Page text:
Savings tax trap

After watching Martin on ITV I started looking at saving and tax.  I found out about a couple of things on the show and looking at accounts after that I didn't know, flexible Cash ISA where you can take money out of the ISA but then put it back in the same tax year and not lose the ISA wrapper, i.e. 20k in on 6 April, 10k out on 6 May, 10k back in on 6 Feb, all still in the ISA wrapper.  And from the show, that ISA rates are on a par with non ISA rates (they used to be way lower).

In my digging I found this


It took me a bit to grasp this, so let me see if I can explain it better.

Take a couple with main earner on say £40k so they just pay 20% tax.  Partner is on a low salary, say £11,310.  They have savings interest of £6k which is all in the low earner's name.  If they opt to transfer the Marriage Allowance of £1,260 to the higher earner then the higher saves £252 in tax.  For the low earner the remaining tax allowance covers their salary.  The savings interest is covered by the £1000 allowance, leaving £5000 taxable but that is taxed at the starting rate of 0% for the first £5,000 and the £5,000 allowance is not reduced because the lower earner pays no tax.

Now say the low earner gets a pay rise to £12,570.  The MA could be rescinded so the lower earner pays no tax and the higher earner pays an extra £252, but does it matter.  If the MA remains then the low earner pays £252 and the higher earner saves this, as couple the effect is the same.  Or is it?

Because the low earner is now £1,260 over their tax allowance this also reduces the £5,000 starting allowance by £1,260, hence 20% tax is paid on this part of the savings interest.  Overall the low earner is paying 40% tax on their 1,260 pay rise.  As a couple they would be better to rescind the MA transfer.  Or better still put some of the savings into a cash ISA so that £1,260 interest is within an ISA, assuming they have spare ISA allowance of course.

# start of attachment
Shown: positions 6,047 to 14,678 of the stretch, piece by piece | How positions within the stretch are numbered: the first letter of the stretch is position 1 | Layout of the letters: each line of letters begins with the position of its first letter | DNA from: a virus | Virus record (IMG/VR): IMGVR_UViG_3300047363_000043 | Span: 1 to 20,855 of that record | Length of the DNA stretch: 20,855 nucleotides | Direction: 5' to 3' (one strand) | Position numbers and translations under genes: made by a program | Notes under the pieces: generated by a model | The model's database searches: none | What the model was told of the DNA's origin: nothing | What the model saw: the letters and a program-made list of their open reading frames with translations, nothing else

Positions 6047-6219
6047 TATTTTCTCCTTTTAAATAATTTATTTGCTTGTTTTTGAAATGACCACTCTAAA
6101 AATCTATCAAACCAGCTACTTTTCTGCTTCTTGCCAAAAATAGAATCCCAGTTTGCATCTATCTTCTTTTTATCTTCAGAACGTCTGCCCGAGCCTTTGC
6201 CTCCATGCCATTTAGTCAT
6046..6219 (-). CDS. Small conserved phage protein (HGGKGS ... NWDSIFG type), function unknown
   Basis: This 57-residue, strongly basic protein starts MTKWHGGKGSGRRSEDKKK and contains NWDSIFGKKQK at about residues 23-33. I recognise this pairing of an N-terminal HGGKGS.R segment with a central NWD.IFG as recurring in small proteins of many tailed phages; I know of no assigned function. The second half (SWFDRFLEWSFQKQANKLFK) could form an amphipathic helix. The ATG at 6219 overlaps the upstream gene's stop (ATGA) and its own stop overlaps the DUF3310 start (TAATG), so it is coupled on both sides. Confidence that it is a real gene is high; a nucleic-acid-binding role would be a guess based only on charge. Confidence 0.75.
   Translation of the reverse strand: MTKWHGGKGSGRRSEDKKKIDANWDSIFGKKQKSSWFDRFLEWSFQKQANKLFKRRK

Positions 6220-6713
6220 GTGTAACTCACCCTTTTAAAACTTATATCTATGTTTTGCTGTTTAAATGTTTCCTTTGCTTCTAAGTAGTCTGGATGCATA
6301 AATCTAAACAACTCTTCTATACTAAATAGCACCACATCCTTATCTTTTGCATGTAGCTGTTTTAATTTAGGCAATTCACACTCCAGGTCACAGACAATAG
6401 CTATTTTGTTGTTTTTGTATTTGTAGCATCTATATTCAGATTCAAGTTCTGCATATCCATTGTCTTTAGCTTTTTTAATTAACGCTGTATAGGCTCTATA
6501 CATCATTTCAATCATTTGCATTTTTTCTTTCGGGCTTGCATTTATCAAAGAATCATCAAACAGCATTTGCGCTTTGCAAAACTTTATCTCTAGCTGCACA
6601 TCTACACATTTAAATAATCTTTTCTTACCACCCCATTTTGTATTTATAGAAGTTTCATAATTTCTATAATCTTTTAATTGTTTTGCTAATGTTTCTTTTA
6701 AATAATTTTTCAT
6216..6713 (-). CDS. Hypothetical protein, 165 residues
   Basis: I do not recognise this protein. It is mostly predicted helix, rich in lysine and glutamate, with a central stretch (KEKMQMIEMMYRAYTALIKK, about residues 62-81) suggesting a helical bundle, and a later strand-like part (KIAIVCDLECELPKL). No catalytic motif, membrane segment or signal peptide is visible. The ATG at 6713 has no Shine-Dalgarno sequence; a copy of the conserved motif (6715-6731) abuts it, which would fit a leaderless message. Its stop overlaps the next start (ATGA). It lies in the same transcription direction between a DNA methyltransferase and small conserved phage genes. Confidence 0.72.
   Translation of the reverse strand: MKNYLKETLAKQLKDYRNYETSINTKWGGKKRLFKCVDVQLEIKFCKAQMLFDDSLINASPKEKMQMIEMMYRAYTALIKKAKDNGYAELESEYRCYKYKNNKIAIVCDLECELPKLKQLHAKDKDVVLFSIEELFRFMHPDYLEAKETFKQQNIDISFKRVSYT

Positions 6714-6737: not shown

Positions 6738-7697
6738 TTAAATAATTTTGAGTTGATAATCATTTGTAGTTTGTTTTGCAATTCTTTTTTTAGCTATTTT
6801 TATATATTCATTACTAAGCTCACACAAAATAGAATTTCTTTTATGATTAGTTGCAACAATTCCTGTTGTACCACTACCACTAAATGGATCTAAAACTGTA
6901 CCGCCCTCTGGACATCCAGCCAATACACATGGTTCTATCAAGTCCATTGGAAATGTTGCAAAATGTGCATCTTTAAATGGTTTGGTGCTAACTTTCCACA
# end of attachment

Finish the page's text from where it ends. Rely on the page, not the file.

It's a rather nasty trap and I suspect more likely to catch pensioners.  The new state pension is rising to over £11,540 so above what is left after MA is transferred.  It can still make tax sense to transfer the MA, the partner may have a company pensions as well so use the entire £1,260.  But when you add a lot of savings interest then it is not so clear cut. 


Comments

  • The basic answer, forgetting marrage allowance as i know nothing about that.
    £12,570 tax free earnings, pension or interest. So she will have £1,260 left for tax free interest plus £5,000 starter rate tax free interest and another £1,000 PSA tax free interest.
    A total of £7,260 tax frre from interest if needed.
  • Dazed_and_C0nfused
    Dazed_and_C0nfused Posts: 12,808
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    edited 29 November 2023 at 12:44PM
    For the low earner the remaining tax allowance covers their salary. The savings interest is covered by the £1000 allowance, leaving £5000 taxable but that is taxed at the starting rate of 0% for the first £5,000 and the £5,000 allowance is not reduced because the lower earner pays no tax.
    That's slightly wrong.

    All £6,000 is taxable and all £6,000 would be taxed.  In a specific order.

    First £5,000 taxed at 0% under the savings starter rate band.

    Next £1,000 taxed at 0% under the savings nil rate band (aka Personal Savings Allowance).

    There is no extra "allowance", they are 0% tax bands.  Doesn't make any difference to most people but it will to a few.
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